How Cookie Banners Backfired - The New York Times

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From Washington to Brussels, policymakers are focusing on digital privacy. Just this week three states and the District of Columbia have filed a series of lawsuits against Google, accusing it of violating consumers’ right to privacy. Dozens of invoices have been presented to Congress compel companies to develop digital tools that help users manage their privacy. And companies spend billions of dollars comply with – or circumvent – the maze of complex privacy laws that already exist.

This week happens to be known as Data Privacy Week.

But there is an inconvenient truth about all the efforts that have been made to create and enforce digital privacy safeguards: when it comes to the most expansive internet privacy rule day, the public doesn’t seem to care – or, more accurately, they don’t. seem to have the knowledge or the tools to benefit from it effectively.

Four years ago, the European Union General Data Protection Regulation entered into force. It requires any website accessible in Europe, that is to say most websites, to publish a notice of its privacy policy and to give users the opportunity to accept or refuse cookies, files that collect their data. When it passed, many digital privacy activists thought digital privacy was on its way to being solved.

This is not how things happened. The last time a pop-up appeared on a website asking if you allow cookies to gobble up your personal data, did you actually read the fine print or think for more than five seconds before pressing on “accept?” Me niether.

“Nobody reads the cookie banners,” said Max Schrems, an Austrian privacy advocate who played a key role in pushing for the regulation. “They have become almost a useless exercise.”

In fact, it’s worse. In practice, the proliferation of cookie banners has both numbed people and given companies another way to manipulate users.

Companies have turned cookie banners into a tool that does the opposite of what regulators wanted. Have you heard of “search engine optimization?” There are now companies, called consent management platforms, that promise “consent rate optimization”, meaning they create cookie banners that will trick people into clicking the “accept” button. A simple example: According to a study, removing the “opt out” button on the cookie banner home page increases consent by 22 or 23 percentage points. Some of these companies claim they can achieve a 90% consent rate.

A common consumer response is what two communications professors, Nora Draper and Joseph Turow, described in a 2019 article as a “digital quit.” It’s a mindset in which users know full well that their data is appropriated and monetized—and also know that it’s being manipulated online—but don’t feel like they can do anything about it. They are resigned to allowing this to happen because they see it as the unfortunate price of being an Internet user.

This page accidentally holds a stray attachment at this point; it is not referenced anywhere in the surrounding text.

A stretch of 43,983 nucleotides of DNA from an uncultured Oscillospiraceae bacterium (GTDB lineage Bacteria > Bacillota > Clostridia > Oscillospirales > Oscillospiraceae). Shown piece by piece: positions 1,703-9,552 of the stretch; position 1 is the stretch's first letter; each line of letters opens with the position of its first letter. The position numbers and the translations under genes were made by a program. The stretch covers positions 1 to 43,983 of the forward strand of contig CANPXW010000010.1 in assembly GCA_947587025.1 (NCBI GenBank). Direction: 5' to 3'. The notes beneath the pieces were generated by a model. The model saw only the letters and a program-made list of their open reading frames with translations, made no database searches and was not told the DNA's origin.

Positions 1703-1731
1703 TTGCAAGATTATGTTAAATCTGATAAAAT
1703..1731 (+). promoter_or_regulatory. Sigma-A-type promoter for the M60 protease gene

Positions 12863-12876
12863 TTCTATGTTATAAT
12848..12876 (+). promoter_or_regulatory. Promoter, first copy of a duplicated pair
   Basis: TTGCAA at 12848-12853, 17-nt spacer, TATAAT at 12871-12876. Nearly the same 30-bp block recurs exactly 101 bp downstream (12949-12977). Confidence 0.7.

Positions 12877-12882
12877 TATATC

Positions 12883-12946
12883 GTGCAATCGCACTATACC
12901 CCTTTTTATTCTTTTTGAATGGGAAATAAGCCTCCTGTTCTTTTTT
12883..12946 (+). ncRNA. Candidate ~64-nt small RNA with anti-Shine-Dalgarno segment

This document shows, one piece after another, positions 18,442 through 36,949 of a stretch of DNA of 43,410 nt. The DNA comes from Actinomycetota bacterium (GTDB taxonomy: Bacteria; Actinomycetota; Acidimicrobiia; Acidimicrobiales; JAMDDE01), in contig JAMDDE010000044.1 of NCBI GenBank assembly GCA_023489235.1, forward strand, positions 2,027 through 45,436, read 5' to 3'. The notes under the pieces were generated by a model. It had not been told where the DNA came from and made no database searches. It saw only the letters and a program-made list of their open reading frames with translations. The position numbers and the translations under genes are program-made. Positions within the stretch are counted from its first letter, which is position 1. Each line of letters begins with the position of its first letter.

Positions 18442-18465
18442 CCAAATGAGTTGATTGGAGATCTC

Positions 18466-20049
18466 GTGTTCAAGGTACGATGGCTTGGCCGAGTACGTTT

“Most people don’t even know what cookies are,” said Florian Schaub, a University of Michigan privacy expert and co-author of several studies on cookies and cookie banners. “In our research, we found that pressing the ‘accept’ button is not actually indicative of consent,” he added.

Of course, there is no doubt that people to want care about data privacy. In California, a ballot initiative strengthening state privacy laws passed in 2020 with 56% of the vote, despite the usual opposition from big tech companies. The new law includes the creation of the California Privacy Protection Agency to enforce state data privacy rules. He will be able to issue subpoenas and will have the power to enact regulations. It’s hard to know right now – the new law won’t come into force until next year – but it’s possible that tougher enforcement will finally force tech companies to make choices easy for consumers. enlightened.

In the meantime, privacy campaigners like Mr. Schrems believe the real answer is to create easier ways for consumers to make decisions — simple and infrequent — about how they are tracked. Mr. Schrems, for example, is working on ways to eliminate cookie banners entirely by creating software that would send automatic signals from your browser. It could work like browser settings that block pop-up ads rather than asking a user to make that decision for each website, removing the need for multiple intentionally complex banner clicks. It would also be much more difficult for companies to give consent to gambling.

For now, however, we’re still stuck with cookie banners. And always on our own to decipher each website’s terms and make a thoughtful decision – at least, when we’re not in a rush.

What do you think? Do most Internet users care about controlling their data? What tools do they need to do this effectively? Let us know: dealbook@nytimes.com.

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